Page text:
Published: August 23rd 2012August 23rd 2012
Ubirr Rock Art
There are a number of different 'era's' in this set of paintings
Back to the task at hand…
Yes folks we are back on the road and Marg is now well again and enjoying the travels.
Enough of the schmaltz, the (caravan) suspension arm arrived in Darwin in the nick of time for it to be fitted on the Thursday before we were due to fly back to Melbourne on Friday. I did find out that the suspension guy had the money in the bank from the chassis supplier before he called us to pick up the van, and that sent shivers right through me – even in the 32 deg heat!
We have been back to Melbourne, and while it was fantastic to catch up with friends and our girls, we were not sorry to leave a wet and freezing Melbourne for the warmer temps in the Northern Territory. The down side was the flight back to Darwin. OK it was cheap, but who flys at 1.45 am??? We did not plan the day correctly and despite realising that some sleep during the late afternoon prior to departure would be a good idea, we could not get a restful sleep in anticipation of
Awesome view over the wetlands
all the things we needed to do to make sure we caught the flight. Then the squeezy Virgin seats did not facilitate sleep at all, and we arrived in Darwin at 5.30 am (local) knowing just how a grizzly bear feels on being woke at the end of the winter (well we had just left Melb. remember). A little sleep in the caravan in the paddock and then it was off to arrange a couple more nights on power at the caravan park. And then we were heading briskly towards Queensland.
But first we had to do Kakadu (National Park); it is definitely not Kaka-don’t as we were told on the first lap in 2008. Kakadu is not a huge distance from Darwin; in fact they run day tours for the unsuspecting tourists who think it is just around the corner. The roads form a bit of an elongated triangle pointing East with the short base being the Stuart Highway at the western end. We made our first night near the apex as the attractions fall pretty much into either the northern leg or the southern leg of the triangle. Prior to finding the caravan park, we
This is what dawn looks like on the South Alligator River
took a quick look at the “Window on the Wetlands” which is on a little jump-up about half way into the park. A purpose built lookout provides a lot of aboriginal cultural information and enables a great 360 deg view of the surrounding plains, including the failed Humpty Doo rice farming project. It wasn’t the lack of water that caused the failure, but the millions of Magpie Geese who thought it fantastic that someone should provide them with so much fresh food.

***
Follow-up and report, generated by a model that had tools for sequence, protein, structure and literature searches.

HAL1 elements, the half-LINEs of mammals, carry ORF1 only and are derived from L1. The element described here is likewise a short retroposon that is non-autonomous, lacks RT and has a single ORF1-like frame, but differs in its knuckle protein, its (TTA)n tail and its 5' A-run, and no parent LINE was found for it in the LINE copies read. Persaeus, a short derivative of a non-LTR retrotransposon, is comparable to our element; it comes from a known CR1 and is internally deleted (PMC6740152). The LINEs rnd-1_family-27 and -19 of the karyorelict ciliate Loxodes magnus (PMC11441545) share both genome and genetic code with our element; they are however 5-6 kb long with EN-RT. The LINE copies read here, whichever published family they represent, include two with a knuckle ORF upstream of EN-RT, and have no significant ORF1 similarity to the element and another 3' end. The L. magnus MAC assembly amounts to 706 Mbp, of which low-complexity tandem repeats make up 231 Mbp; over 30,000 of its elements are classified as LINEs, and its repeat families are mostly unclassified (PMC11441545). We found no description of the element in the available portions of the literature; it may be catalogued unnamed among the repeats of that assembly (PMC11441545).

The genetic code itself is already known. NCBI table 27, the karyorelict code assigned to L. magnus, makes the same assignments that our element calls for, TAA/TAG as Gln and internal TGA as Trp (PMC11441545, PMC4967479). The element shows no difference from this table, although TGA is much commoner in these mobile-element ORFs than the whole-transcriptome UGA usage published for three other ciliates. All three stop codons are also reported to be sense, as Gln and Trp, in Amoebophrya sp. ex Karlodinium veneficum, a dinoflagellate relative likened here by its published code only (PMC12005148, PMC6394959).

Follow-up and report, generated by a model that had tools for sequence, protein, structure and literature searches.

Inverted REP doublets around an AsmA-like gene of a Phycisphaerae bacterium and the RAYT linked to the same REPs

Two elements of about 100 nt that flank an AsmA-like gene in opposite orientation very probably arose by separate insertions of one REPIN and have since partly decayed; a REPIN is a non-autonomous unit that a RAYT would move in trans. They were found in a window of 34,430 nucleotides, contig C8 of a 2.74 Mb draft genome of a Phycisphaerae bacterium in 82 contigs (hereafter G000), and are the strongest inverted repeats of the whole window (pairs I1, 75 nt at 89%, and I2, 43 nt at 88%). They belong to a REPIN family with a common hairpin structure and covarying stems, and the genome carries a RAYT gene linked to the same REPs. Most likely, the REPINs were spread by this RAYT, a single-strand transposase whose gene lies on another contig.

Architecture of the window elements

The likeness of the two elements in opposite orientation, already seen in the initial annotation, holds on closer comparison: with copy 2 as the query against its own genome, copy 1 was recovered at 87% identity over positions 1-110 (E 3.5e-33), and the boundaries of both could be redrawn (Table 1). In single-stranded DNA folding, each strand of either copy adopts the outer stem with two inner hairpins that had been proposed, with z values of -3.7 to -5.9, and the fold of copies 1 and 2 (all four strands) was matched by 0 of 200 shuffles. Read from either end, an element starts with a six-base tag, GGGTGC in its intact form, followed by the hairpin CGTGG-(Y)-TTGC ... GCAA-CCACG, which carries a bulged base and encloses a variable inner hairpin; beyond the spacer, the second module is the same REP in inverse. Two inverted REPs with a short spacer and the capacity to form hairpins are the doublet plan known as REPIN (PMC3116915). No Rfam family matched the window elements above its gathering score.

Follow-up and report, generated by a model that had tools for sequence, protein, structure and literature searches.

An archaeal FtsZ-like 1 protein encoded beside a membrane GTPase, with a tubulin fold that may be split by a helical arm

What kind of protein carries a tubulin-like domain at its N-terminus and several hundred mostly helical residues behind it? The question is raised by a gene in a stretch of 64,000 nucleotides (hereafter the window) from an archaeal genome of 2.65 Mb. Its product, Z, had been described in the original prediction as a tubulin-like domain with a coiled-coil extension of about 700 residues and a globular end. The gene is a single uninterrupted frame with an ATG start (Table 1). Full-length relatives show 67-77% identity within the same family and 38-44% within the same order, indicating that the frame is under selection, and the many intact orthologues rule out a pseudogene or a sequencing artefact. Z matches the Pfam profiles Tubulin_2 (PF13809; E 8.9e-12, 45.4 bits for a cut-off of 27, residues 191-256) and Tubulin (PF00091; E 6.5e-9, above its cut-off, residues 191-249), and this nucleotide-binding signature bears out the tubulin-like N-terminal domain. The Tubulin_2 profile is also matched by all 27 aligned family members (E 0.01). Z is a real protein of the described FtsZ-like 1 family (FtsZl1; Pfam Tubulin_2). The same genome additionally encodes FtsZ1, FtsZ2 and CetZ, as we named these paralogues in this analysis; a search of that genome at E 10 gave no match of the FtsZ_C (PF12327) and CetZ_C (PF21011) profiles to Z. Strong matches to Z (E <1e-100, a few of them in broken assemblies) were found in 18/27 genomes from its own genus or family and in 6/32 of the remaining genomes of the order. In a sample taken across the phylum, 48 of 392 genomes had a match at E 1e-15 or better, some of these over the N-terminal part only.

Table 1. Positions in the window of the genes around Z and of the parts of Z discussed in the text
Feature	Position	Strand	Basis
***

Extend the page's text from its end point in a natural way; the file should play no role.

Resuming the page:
The ‘must see’ on this day was a place called Ubirr (pron. oo-beer) where there is an amazing range of aboriginal rock painting covering 10’s of 1,000’s of years of their civilisation in this area. The art work was in incredibly good condition and relatively easy for anyone to see and interpret. The part Marg liked best was that it wasn’t up a large hill as many of the attractions are! The area also has a great look-out at the top of a massive sandstone hill (read: Geoff climbed and Marg did not). The view of the wetlands below and the contrasting rocky outcrops was truly awesome. We also visited the local information centre where
I was stupified...it was early
we had lunch with a bus load of tourists who took all the tables and chairs and we had to remind ourselves that that was us last year in England and we shouldn’t resent the fact that they had taken all the seats in the restaurant. We saw an excellent video there called The Big Wet (by the ABC) and it showed the awesome power of the rain and water in the tropics (even shagging kangaroos got surprised by the torrential downpour and had to postpone their pleasure).
After getting lost in the town of Jabiru when refuelling we headed across to the southern arm of the triangle to a resort style caravan park called Cooinda. We booked in for 2 nights as we wanted to do the ‘Yellow Waters’ tour. Little did I know that Margaret wanted to do the dawn tour; I do not do dawn very well, but there we were getting on the boats before even the sun had had the decency to lighten the night sky.
The wild-life (mainly birds) and were amazing, and the boat operator knew exactly where to go to find all the different species that inhabit the
Early in the morning while they were organising their whistle
South Alligator River in this area. And yes there were more than a decent number of crocodiles lying around in the murky waters. As it was so early, the crocs found that the water was warmer than the air and preferred to stay in the water until the land warmed up – I knew just how they felt. Oh, alright it was a good tour, but couldn’t they move ‘dawn’ until a more respectable time of the day?